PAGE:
The Shape of Water: My Review


If you are in the mood for a love story and you don’t mind the participants being from different life forms, I have one for you.

The first time or two I saw the previews for The Shape of Water I wasn’t really impressed. The third time was the charm, something in the trailer peaked my curiosity and I think it was the music. Offbeat films are my métier, so this little film grabbed a hold of me and wouldn’t let go.

Writer/director Guillermo del Toro has conjured up a tale of espionage, science fiction and a very heartfelt love story. It is a Cold War story of impossible love. He has been connected with many fanciful tales of fantasy for the big and small screens. He captures the Cold War paranoia of the early 1960’s with a throwback to science fiction films of the 1950’s (think Creature From the Black Lagoon). He keeps the tone light while the undercurrents of violence rumbles along just under the surface. There are menacing characters, primarily the Richard Strickland character that is even a brut in bed with his wife. His sadistic and creepy manner bubbles over throughout the film which gives the other characters something to play off of. He represents the sinister government and is no better than his Russian counterparts.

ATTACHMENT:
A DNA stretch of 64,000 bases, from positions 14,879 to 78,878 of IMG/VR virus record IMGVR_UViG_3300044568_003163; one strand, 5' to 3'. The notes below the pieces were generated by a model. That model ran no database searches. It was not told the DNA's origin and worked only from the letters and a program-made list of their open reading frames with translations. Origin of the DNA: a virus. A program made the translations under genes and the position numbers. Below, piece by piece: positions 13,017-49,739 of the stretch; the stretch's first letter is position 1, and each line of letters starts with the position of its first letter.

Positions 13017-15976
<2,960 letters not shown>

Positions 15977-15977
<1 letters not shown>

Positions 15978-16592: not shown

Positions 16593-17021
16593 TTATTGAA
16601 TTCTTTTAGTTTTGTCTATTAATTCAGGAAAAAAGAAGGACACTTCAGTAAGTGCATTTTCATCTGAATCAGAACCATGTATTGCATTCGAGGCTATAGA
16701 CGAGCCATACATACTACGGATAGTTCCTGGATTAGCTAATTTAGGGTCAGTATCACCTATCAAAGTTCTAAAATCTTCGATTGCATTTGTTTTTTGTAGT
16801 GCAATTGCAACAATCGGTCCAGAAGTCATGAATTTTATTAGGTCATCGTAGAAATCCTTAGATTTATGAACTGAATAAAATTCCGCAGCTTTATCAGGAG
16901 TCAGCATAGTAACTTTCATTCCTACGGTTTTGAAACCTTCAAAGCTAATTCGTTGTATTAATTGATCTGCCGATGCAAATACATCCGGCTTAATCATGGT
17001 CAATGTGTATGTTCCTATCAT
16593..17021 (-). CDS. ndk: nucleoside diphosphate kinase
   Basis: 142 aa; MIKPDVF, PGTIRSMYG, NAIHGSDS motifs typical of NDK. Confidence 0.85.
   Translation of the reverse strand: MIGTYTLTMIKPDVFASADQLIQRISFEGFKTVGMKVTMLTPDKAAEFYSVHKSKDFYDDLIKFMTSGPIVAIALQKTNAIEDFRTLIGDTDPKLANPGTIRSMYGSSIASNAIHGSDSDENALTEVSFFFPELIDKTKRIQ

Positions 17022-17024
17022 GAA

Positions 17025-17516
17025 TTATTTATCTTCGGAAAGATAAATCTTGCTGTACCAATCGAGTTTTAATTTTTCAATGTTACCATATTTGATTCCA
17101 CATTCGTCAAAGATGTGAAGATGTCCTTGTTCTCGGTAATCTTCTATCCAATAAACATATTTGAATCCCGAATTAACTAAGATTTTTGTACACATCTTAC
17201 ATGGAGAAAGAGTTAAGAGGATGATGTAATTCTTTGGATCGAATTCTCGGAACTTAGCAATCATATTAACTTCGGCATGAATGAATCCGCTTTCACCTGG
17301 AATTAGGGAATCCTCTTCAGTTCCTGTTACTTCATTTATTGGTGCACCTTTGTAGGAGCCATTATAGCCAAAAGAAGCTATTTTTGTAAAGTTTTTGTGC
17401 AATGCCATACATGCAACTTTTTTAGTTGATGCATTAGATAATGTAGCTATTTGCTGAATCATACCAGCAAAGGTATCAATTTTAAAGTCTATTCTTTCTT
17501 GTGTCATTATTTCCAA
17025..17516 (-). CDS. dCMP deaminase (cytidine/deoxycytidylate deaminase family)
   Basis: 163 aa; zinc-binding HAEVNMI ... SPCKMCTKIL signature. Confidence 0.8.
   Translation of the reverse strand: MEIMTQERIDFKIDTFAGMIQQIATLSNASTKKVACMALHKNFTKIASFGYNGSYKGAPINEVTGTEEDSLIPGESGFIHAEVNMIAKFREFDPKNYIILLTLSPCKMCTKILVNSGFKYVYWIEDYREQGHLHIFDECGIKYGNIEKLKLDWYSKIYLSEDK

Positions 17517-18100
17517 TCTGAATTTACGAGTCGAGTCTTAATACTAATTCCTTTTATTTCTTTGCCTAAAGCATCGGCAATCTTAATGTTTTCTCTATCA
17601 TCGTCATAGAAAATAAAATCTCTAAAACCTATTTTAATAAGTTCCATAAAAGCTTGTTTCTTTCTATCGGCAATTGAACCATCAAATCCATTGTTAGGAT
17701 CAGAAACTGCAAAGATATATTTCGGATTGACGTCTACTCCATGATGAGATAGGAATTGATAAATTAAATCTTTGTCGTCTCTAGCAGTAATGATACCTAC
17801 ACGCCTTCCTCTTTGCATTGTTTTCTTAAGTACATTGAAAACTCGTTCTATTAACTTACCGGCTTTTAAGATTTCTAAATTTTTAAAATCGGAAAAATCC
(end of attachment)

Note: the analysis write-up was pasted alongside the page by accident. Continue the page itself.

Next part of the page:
The cast is populated with stellar character actors including Sally Hawkins, Michael Shannon, Richard Jenkins, Nick Searcy, Octavia Spencer, Michael Stuhlberg and Doug Jones. I was not very familiar with English actress Sally Hawkins but she’s dynamite in a quiet but powerful role.

The film is basked in muted tones that illuminate the aura of the seawater creature, not the neon look of the 1950’s, almost drab earth tones. The music has a period feel but almost a dreamy, playful flow. This is a fantasy.


The film doesn’t delve very deeply into the back-story of any of the characters, one weakness. If you spend much time wondering why these people, or the story behind the creature, you won’t come up with much. Everything prior to the day creature shows up is intentionally blank.

The plot has wide margins but narrows to a predictable conclusion. I knew where it was headed but I enjoyed the journey getting there.


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